The NeverEnding Story is one of the most beloved fantasy films of all time and something that may still be stuck in fans’ heads is the theme song for the first movie by Kajagoogoo lead singer Limahl when he was solo in the early 80’s.
Seemingly following up on the events of the first Short Circuit, El DeBarge is somehow a key witness in a court case trying to determine who Johnny 5 is in the music video for “Who’s Johnny”
Coming from the forgotten action/comedy Gotcha! in 1985, British singer Thereza Bazar sang the movie’s theme song, also called Gotcha!, which played up the movie’s espionage themes in it’s official music video.
Sam Raimi’s first Spider-Man movie in 2002 set the standard for a lot of things in the comic book genre, like filling the soundtrack albums with nu-metal/alternative rock songs, as the main single from the first film was the huge hit “Hero”, from Nickelback lead singer Chad Kroeger.
Coming off the soundtrack for 1986’s The Color of Money, Eric Clapton’s “It’s in the Way That You Use It” hit #1 on the Billboard Mainstream Rock charts and was the main single of the Martin Scorsese directed movie.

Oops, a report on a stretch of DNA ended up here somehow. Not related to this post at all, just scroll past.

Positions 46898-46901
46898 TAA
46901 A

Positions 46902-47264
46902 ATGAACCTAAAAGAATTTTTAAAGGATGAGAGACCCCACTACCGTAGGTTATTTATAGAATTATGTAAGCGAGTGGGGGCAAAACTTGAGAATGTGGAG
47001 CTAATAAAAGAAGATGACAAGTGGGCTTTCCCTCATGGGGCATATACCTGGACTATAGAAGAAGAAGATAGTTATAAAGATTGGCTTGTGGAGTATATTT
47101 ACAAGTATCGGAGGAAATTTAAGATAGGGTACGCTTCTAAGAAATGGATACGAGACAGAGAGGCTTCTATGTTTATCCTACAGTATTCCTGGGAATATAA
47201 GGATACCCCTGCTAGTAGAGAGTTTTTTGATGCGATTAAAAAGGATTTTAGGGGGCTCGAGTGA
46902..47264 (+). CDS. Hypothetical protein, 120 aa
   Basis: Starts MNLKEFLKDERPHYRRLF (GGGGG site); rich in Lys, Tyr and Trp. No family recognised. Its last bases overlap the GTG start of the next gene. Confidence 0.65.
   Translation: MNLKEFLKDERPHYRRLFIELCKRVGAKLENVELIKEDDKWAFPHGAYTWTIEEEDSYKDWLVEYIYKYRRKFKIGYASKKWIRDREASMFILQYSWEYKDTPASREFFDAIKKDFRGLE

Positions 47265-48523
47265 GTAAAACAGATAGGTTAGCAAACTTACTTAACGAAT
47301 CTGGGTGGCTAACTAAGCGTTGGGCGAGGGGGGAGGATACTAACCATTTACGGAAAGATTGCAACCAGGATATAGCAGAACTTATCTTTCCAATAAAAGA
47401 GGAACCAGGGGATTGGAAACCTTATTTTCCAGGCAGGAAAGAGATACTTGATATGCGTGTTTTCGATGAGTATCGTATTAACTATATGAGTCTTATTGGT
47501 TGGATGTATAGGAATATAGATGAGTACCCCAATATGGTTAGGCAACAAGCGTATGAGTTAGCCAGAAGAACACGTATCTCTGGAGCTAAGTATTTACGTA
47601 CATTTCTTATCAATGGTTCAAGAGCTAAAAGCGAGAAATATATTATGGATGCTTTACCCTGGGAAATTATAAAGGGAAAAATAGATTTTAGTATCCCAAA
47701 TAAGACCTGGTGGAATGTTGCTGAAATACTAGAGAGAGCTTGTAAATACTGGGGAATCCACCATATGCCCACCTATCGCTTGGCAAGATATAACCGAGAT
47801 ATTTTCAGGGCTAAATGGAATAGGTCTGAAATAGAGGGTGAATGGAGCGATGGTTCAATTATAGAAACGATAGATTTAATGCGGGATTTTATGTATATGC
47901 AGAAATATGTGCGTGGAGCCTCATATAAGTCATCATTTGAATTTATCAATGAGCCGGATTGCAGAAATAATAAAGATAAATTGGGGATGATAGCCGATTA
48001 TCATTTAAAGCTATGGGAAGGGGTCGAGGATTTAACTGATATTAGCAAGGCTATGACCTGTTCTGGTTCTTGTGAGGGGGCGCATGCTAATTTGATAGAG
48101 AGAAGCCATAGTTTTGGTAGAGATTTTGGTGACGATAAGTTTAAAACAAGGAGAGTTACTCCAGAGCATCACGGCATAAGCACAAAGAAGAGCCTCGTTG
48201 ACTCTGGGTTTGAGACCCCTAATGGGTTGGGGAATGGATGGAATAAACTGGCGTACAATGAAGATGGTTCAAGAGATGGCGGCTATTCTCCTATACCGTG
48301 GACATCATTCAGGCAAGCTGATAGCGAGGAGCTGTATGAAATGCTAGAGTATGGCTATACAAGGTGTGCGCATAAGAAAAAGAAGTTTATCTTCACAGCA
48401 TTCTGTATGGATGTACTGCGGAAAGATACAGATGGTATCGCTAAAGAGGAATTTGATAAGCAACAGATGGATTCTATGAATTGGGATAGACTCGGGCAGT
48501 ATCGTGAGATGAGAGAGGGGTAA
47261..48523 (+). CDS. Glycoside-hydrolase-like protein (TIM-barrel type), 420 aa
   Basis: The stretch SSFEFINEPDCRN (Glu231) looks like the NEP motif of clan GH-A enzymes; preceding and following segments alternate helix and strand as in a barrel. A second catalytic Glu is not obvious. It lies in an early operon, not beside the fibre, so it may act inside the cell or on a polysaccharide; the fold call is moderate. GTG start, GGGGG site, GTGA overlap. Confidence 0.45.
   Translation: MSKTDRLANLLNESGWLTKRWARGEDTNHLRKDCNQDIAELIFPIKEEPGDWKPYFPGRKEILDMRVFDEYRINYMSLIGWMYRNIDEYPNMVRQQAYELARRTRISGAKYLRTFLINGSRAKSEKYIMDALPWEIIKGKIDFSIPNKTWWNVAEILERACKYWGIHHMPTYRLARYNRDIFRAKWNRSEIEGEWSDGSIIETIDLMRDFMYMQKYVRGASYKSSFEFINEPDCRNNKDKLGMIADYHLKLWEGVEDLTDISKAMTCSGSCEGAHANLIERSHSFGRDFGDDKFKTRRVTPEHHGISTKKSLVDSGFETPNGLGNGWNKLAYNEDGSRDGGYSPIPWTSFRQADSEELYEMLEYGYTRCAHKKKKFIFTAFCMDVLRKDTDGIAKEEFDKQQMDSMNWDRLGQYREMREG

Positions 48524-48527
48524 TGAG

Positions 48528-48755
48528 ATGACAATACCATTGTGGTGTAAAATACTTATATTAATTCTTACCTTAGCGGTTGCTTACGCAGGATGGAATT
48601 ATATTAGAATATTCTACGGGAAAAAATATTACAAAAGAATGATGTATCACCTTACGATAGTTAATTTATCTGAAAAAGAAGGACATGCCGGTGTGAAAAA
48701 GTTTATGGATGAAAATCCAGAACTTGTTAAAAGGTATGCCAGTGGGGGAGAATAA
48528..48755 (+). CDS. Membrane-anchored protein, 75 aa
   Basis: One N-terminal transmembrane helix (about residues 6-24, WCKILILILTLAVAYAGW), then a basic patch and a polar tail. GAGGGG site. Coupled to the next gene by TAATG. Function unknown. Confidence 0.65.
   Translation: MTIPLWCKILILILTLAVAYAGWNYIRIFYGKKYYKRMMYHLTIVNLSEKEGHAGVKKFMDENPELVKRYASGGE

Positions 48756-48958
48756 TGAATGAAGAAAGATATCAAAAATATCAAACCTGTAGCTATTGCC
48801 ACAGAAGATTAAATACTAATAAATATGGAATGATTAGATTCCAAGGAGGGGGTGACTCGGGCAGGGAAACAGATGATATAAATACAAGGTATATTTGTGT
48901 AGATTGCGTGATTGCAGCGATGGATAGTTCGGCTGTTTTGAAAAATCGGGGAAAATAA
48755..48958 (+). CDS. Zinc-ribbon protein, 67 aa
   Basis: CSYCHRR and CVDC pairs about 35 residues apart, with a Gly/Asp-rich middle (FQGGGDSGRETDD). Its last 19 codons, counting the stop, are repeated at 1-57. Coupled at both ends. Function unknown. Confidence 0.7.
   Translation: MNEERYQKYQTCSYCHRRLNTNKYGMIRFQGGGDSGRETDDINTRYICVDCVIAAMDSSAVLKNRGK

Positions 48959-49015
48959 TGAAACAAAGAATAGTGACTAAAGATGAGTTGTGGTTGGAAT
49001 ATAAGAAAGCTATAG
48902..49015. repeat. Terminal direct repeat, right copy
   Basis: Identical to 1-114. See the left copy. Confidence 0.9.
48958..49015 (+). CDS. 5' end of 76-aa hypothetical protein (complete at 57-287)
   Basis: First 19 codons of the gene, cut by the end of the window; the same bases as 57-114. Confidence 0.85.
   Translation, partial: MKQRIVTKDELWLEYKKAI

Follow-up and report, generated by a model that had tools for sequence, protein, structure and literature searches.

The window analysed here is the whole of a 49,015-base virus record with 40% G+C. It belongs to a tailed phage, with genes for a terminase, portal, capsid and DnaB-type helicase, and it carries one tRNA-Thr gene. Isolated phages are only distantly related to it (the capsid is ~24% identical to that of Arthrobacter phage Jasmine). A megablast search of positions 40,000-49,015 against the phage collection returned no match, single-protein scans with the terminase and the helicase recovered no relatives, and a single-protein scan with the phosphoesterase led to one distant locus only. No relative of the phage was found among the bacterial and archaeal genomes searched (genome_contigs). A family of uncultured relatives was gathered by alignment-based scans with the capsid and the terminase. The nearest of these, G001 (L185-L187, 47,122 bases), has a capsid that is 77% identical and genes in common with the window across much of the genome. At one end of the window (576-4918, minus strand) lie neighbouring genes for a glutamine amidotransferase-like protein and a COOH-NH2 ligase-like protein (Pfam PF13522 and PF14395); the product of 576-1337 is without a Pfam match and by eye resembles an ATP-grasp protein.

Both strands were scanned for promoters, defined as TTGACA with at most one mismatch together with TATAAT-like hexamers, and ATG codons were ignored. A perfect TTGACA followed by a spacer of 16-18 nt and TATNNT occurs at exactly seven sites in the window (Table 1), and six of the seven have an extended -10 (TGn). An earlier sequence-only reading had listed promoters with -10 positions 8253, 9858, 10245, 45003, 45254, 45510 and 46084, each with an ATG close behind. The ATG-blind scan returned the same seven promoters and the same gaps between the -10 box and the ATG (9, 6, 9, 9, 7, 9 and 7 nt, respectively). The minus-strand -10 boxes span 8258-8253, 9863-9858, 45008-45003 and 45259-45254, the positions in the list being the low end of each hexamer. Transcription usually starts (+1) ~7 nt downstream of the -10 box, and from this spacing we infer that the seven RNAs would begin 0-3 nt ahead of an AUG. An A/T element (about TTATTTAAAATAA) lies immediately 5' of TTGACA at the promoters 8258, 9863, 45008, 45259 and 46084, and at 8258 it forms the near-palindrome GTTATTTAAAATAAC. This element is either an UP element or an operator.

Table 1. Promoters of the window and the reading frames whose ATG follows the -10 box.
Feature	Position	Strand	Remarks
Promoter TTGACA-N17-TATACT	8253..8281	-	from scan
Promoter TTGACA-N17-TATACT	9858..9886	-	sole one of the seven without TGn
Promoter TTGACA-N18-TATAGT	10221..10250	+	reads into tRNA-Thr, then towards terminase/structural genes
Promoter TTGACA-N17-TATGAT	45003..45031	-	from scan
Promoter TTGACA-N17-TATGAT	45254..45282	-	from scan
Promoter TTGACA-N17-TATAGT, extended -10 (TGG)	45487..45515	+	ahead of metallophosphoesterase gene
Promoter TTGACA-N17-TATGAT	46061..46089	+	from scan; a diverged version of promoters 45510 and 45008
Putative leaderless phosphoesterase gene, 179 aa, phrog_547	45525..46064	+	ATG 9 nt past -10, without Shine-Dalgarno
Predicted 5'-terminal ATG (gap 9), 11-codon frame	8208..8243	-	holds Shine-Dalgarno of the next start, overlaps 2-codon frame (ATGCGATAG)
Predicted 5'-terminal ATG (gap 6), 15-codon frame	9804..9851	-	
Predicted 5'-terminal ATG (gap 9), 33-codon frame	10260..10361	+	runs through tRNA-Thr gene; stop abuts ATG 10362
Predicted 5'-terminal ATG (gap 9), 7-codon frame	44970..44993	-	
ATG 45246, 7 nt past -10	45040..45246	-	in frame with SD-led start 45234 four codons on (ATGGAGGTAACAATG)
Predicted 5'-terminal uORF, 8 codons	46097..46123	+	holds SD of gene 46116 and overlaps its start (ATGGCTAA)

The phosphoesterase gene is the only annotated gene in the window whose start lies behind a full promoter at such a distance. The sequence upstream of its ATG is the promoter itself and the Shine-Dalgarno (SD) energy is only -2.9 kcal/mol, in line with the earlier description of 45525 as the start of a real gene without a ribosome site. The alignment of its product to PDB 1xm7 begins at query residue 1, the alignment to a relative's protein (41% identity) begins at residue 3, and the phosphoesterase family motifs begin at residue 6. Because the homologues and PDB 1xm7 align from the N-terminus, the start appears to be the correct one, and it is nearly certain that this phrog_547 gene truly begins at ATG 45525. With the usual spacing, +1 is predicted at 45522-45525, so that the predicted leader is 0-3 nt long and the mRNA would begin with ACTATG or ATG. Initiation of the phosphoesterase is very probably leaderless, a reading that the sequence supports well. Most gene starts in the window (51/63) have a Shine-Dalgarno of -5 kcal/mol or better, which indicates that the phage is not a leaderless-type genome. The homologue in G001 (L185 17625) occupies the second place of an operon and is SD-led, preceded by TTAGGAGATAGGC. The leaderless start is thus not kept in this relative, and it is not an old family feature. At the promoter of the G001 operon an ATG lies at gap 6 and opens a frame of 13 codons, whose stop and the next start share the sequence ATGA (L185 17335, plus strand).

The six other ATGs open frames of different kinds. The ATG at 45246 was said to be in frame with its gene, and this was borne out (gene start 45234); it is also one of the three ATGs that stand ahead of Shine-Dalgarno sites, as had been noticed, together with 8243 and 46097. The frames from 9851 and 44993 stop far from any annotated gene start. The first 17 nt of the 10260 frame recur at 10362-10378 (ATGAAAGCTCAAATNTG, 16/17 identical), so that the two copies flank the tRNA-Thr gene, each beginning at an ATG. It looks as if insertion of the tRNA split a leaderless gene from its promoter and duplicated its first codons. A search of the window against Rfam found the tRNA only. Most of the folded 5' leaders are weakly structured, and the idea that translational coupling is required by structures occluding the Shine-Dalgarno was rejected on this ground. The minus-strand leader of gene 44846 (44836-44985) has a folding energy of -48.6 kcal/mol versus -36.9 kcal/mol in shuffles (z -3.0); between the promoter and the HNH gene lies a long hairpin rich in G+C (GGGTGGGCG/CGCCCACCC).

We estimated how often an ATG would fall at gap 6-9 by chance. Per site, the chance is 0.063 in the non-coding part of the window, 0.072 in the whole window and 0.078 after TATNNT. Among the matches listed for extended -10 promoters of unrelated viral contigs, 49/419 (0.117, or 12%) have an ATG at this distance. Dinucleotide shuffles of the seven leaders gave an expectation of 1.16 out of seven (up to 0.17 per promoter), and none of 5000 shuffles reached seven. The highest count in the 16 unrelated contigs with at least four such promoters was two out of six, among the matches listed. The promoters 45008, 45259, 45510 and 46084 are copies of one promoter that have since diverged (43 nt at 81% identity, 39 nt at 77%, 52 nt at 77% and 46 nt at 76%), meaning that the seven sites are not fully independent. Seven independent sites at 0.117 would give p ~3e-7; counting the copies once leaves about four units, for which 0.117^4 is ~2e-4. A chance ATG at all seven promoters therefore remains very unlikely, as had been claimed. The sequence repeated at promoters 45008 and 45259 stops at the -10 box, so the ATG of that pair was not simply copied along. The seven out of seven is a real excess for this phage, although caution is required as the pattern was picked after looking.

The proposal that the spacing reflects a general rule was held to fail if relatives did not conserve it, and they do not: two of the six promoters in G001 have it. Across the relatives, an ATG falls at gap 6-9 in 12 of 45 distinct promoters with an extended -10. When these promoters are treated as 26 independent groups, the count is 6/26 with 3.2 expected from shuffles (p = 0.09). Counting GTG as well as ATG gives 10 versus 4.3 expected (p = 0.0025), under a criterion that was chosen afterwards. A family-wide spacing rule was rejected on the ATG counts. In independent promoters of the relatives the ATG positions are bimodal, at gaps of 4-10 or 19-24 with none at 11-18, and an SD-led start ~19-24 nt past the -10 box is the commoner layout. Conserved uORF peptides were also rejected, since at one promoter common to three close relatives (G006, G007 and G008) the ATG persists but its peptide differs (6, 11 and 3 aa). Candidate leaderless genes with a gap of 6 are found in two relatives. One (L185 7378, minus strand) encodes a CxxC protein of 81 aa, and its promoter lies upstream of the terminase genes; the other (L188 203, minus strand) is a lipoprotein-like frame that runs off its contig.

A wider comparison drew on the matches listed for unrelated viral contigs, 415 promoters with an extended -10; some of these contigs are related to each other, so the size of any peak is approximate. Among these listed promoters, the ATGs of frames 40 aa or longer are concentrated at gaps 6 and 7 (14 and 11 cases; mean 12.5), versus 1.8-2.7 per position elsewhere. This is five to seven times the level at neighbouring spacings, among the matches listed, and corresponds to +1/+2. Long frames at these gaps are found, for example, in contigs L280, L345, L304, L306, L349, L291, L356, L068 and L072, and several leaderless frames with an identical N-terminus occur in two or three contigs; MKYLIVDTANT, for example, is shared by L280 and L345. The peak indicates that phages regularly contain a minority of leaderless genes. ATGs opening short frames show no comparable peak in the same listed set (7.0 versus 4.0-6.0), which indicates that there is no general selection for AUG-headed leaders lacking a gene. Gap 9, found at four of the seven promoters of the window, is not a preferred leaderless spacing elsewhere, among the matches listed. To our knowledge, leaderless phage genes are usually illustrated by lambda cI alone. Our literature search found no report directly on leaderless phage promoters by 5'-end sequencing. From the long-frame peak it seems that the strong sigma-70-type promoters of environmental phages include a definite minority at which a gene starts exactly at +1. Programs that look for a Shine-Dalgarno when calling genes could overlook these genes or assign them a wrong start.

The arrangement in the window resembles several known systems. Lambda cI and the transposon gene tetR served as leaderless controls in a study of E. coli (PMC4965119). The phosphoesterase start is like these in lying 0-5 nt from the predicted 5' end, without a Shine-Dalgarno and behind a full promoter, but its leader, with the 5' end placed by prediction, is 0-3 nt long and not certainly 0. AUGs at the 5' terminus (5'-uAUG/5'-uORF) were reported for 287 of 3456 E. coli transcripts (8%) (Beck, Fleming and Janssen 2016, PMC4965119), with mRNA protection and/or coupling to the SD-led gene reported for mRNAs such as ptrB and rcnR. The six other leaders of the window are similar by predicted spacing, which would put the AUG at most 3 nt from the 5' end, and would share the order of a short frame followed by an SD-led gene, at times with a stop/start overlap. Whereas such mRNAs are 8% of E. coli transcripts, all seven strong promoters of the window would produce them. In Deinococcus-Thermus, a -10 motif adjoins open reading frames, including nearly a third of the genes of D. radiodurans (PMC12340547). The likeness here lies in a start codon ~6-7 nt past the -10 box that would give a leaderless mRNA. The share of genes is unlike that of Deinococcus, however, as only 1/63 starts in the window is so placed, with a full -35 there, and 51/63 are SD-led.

Rapper Tone-Loc was everywhere in the 90’s with his distinctive gravelly voice in movies like Blank Check, Ace Ventura and Heat to cartoons like C-Bear and Jamal and, of course, his two gigantic hit songs Wild Thing and Funky Cold Medina.
Depending on the season or DVD release, Baywatch had a number of different theme songs but the most iconic was “I’m Always Here” by former Survivor frontman Jimi Jamison.
Smash Mouth was all over movie soundtracks in the 90’s, including the 1998 teen comedy Can’t Hardly Wait with “Can’t Get Enough of You Baby”
Coming off the soundtrack for Supercop, Warren G and Adina Howard put a new spin on the Tina Turner classic “What’s Love Got to Do With It” with a music video directed by Torque’s Joseph Kahn and featuring Jackie Chan himself.
A huge fan of the band’s album Points on a Curve, director Wiliam Friedkin hired Wang Chung to compose every song on the soundtrack for his Secret Service action thriller, To Live and Die in LA in 1985.